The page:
Mathematical Techniques for Computer Science Applications
Warren Weaver Hall room 312.
Professor Ernest Davis
Office hours: Tue 10:00-12:00, Wed 3:00-4:00
- phone: (212) 998-3123
- office: 329 Warren Weaver Hall
Amos Gilat, MATLAB: An Introduction with Applications, Wiley, 2008.
Any edition is OK. Inexpensive used copies are available online.
Online documentation for MATLAB:
Getting Started with MATLAB
Class email list
Be sure to subscribe to the
class email list
If you want the password before the start of class,
This course gives an introduction to theory, computational techniques, and
applications of linear algebra, probability and statistics. These three
areas of continuous mathematics are critical in many parts of computer
science, including machine learning, scientific computing, computer vision,
computational biology, computational finance,
natural language processing, and computer graphics.
The course will teach a specialized language for mathematical computation,
such as MATLAB, and will discuss how the language can be used for
computation and for graphical output. No prior knowledge of linear algebra,
probability, or statistics is assumed.
Assignment 1 due Sep. 23.
Solution to Programming Assignment 1
Exercises 1 due Sep. 23.
Solution to Exercises 1
Assignment 2 due Oct. 7.
Exercises 2 due Oct. 7.
Assignment 3 due Oct. 21.
Sample Output For Programming Assignment 3
Exercises 3 due Oct. 21.
Exercises 4 due Nov. 4.
Programming Assignment 4 due Nov. 18.
Exercises 5 due Nov. 18.
Programming Assignment 5 due Dec. 9.
Exercises 6 due Dec. 9.
Thursday, December 16, 5:00-7:00 PM. 312 WWH.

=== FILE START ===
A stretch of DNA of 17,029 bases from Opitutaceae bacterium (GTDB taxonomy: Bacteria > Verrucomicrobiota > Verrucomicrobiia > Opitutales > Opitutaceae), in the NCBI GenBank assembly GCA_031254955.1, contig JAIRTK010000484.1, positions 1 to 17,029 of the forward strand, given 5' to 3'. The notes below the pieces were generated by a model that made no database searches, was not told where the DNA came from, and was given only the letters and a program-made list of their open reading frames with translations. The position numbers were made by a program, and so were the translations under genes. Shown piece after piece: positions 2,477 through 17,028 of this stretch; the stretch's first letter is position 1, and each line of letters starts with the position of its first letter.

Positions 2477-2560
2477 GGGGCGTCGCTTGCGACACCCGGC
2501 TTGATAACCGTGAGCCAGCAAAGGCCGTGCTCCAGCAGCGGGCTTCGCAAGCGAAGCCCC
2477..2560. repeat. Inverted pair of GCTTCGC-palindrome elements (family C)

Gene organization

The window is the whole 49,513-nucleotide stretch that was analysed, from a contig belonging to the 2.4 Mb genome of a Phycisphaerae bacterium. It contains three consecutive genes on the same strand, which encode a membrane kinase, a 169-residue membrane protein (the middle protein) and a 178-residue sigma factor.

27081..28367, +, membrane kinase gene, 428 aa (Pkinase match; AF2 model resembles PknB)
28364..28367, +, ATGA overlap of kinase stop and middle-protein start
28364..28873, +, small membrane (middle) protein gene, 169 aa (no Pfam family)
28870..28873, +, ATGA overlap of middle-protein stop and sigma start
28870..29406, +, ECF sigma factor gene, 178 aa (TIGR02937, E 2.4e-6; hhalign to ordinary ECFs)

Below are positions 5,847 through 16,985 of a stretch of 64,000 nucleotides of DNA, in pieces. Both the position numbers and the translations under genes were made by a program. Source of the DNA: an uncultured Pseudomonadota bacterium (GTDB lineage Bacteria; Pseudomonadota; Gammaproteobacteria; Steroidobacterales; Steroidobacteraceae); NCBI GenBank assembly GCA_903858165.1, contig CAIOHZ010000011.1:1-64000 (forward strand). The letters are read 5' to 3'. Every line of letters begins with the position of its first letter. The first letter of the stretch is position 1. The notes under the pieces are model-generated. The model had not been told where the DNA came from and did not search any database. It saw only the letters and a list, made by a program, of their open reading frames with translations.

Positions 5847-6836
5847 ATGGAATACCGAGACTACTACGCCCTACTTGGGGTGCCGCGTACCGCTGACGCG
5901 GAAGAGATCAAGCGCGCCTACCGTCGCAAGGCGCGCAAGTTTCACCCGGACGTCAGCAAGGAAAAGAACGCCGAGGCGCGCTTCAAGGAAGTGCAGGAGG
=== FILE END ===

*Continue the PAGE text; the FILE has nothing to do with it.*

Biweekly programming assignments (50% of the grade).
Biweekly exercises (10% of the grade).
Final exam (40% of the grade).
Part I. Introduction:
Week 1.A Introduction to MATLAB. Basic programming language features.
Class Notes Chapter 1: MATLAB. Gilat.
Part II. Linear Algebra:
Week 1.B. Vectors. Basic operations. Dot product. Vectors in MATLAB. Plotting
Class Notes Chapter 2: Vectors.
Week 2. Matrices. Definition, fundamental properties, basic
operations. Linear transformations.
Class Notes Chapter 3: Matrices.
Week 3. Abstract linear algebra: Linear independence, basis,
subspaces, null space.
Class Notes Chapter 4: Vector Spaces.
Week 4. Solving linear equations using Gaussian elimination.
Class Notes Chapter 5: Algorithms
Weeks 5+6. Geometric applications.
Class Notes Chapter 6: Geometry.
Week 7: Basis change and singular value decomposition.
Class Notes Chapter 7: Basis change, DFT, and SVD.
Part III. Probability
Week 8: Introduction. Independence. Bayes's Law. Discrete random variables.
Class Notes Chapter 8: Probability
Week 9: Numerical random variables. Expected value and variance. Discrete and
Week 10: Information theory and entropy. Maximum entropy technique.
Week 11: Markov chains. Principal component analysis.
Monte Carlo methods.
Week 13: Confidence intervals
Week 14: Flexible (overflow, review, etc.)
You may discuss any of the assignments with your classmates (or anyone else)
but all work for all assignments must be
entirely your own. Any sharing or copying of assignments will be
considered cheating. By the rules of the Graduate School of Arts and Science,
I am required to report any incidents of cheating to the department.
Department policy is that the first incident of cheating will result in the
student getting a grade of F for the course.
The second incident, by GSAS rules, will result
in expulsion from the University.